For her project Sworn Virgins of Albania, photographer Jill Peters visited to the mountain villages of northern Albania to capture portraits of “burneshas,” or females who have lived their lives as men for reasons related to their culture and society.
Many of the women assumed their male identities from an early age as a way to avoid the old codes that governed the tribal clans, which stated that women were the property of their husbands. Peters explains,
The freedom to vote, drive, conduct business, earn money, drink, smoke, swear, own a gun or wear pants was traditionally the exclusive province of men. Young girls were commonly forced into arranged marriages, often with much older men in distant villages. As an alternative, becoming a Sworn Virgin, or ‘burnesha” elevated a woman to the status of a man and granted her all the rights and privileges of the male population. In order to manifest the transition such a woman cut her hair, donned male clothing and sometimes even changed her name. Male gestures and swaggers were practiced until they became second nature. Most importantly of all, she took a vow of celibacy to remain chaste for life. She became a “he”. This practice continues today but as modernization inches toward the small villages nestled in the Alps, this archaic tradition is increasingly seen as obsolete. Only a few aging Sworn Virgins remain.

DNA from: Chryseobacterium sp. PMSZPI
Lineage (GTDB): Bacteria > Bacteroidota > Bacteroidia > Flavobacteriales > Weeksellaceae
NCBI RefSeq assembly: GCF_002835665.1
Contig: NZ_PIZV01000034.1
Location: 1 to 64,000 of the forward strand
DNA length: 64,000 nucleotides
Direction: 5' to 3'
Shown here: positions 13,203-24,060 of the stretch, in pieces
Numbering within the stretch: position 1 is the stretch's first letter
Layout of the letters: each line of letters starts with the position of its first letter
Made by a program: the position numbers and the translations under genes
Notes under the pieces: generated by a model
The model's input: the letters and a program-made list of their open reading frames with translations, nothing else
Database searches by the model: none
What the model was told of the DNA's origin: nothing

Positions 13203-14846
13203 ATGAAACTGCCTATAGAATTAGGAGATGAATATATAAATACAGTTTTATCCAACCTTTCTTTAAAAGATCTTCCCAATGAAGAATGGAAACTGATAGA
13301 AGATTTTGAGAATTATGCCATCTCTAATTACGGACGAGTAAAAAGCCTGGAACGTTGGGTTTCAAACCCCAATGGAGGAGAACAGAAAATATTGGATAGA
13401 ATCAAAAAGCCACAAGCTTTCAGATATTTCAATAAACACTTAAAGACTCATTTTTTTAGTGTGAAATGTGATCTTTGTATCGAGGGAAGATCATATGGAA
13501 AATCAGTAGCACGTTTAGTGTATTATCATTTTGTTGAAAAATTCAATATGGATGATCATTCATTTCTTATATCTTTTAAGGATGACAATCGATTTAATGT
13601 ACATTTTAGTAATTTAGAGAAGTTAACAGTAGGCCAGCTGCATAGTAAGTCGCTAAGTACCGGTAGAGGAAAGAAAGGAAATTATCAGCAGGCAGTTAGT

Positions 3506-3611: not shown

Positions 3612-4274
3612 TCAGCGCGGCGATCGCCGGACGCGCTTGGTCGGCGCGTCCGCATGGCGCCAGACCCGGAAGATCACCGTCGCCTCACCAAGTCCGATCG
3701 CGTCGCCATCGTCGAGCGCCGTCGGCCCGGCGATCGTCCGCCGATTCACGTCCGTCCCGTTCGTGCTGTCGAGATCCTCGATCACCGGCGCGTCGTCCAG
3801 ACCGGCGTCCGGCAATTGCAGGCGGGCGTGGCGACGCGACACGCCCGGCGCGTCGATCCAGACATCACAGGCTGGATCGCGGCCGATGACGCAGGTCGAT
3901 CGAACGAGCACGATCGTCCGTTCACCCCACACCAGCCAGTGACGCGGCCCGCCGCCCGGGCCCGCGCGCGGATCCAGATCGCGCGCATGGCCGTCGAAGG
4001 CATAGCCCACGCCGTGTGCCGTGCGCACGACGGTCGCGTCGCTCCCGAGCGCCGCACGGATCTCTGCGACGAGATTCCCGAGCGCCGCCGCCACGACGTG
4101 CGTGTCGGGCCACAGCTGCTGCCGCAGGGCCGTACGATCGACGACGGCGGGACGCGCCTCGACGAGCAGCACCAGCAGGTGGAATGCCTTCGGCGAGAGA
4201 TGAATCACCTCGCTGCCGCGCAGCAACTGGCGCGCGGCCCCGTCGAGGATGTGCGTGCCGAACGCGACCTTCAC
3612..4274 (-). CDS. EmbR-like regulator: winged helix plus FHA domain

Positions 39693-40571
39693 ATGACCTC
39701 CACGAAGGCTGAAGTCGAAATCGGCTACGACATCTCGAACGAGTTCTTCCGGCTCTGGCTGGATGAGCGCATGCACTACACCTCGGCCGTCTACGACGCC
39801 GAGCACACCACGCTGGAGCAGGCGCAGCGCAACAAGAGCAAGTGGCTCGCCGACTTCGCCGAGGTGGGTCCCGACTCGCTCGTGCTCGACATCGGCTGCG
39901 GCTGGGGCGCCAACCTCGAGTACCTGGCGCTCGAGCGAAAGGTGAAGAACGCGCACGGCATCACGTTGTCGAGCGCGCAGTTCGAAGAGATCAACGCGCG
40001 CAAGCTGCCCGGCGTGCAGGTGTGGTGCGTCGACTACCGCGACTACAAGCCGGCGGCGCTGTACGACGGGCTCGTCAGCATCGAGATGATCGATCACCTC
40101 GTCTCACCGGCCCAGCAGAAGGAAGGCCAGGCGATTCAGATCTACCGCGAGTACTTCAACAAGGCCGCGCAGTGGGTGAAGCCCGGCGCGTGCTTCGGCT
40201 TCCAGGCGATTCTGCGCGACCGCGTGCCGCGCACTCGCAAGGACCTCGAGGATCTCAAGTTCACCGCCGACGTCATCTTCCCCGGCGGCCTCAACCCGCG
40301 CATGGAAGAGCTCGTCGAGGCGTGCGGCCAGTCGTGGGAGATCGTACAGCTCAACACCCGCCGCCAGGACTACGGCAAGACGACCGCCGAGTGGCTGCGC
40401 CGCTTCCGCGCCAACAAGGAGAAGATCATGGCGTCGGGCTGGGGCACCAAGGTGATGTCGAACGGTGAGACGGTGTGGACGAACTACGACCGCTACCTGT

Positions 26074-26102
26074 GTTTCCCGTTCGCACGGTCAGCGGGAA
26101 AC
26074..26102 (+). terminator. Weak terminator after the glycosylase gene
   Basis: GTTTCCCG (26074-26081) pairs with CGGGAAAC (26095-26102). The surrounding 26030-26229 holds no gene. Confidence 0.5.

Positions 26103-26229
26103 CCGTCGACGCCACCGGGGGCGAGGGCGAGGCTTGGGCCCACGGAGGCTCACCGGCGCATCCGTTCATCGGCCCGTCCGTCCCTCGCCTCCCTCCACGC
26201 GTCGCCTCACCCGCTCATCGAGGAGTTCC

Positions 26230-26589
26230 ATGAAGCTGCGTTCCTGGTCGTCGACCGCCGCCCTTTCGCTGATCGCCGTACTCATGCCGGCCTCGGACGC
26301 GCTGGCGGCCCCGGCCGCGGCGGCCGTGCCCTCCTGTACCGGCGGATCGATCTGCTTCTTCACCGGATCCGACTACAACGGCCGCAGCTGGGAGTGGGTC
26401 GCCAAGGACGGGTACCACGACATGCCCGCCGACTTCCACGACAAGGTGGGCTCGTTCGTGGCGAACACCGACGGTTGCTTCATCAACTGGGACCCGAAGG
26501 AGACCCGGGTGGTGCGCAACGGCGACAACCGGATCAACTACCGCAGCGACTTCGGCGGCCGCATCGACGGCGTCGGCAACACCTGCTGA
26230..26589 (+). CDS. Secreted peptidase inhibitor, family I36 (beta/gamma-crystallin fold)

Thus, Peters wanted to capture this fading tradition before it disappeared forever. She also writes that she learned a great deal from her interactions with her subjects and their communities:
I learned that the Burrnesha are well respected within their communities. They possess an indescribable amount of strength and pride, and value their family honor above all else. Their absolute transition is wholly accepted, posited and taken without question by the people among whom they live. But most surprising, is they have very few regrets for the great deal they have sacrificed.
Wikipedia has an entire article regarding Albanian sworn virgins, in case you’d like to learn more about this practice.
Image credits: Photographs by Jill Peters and used with permission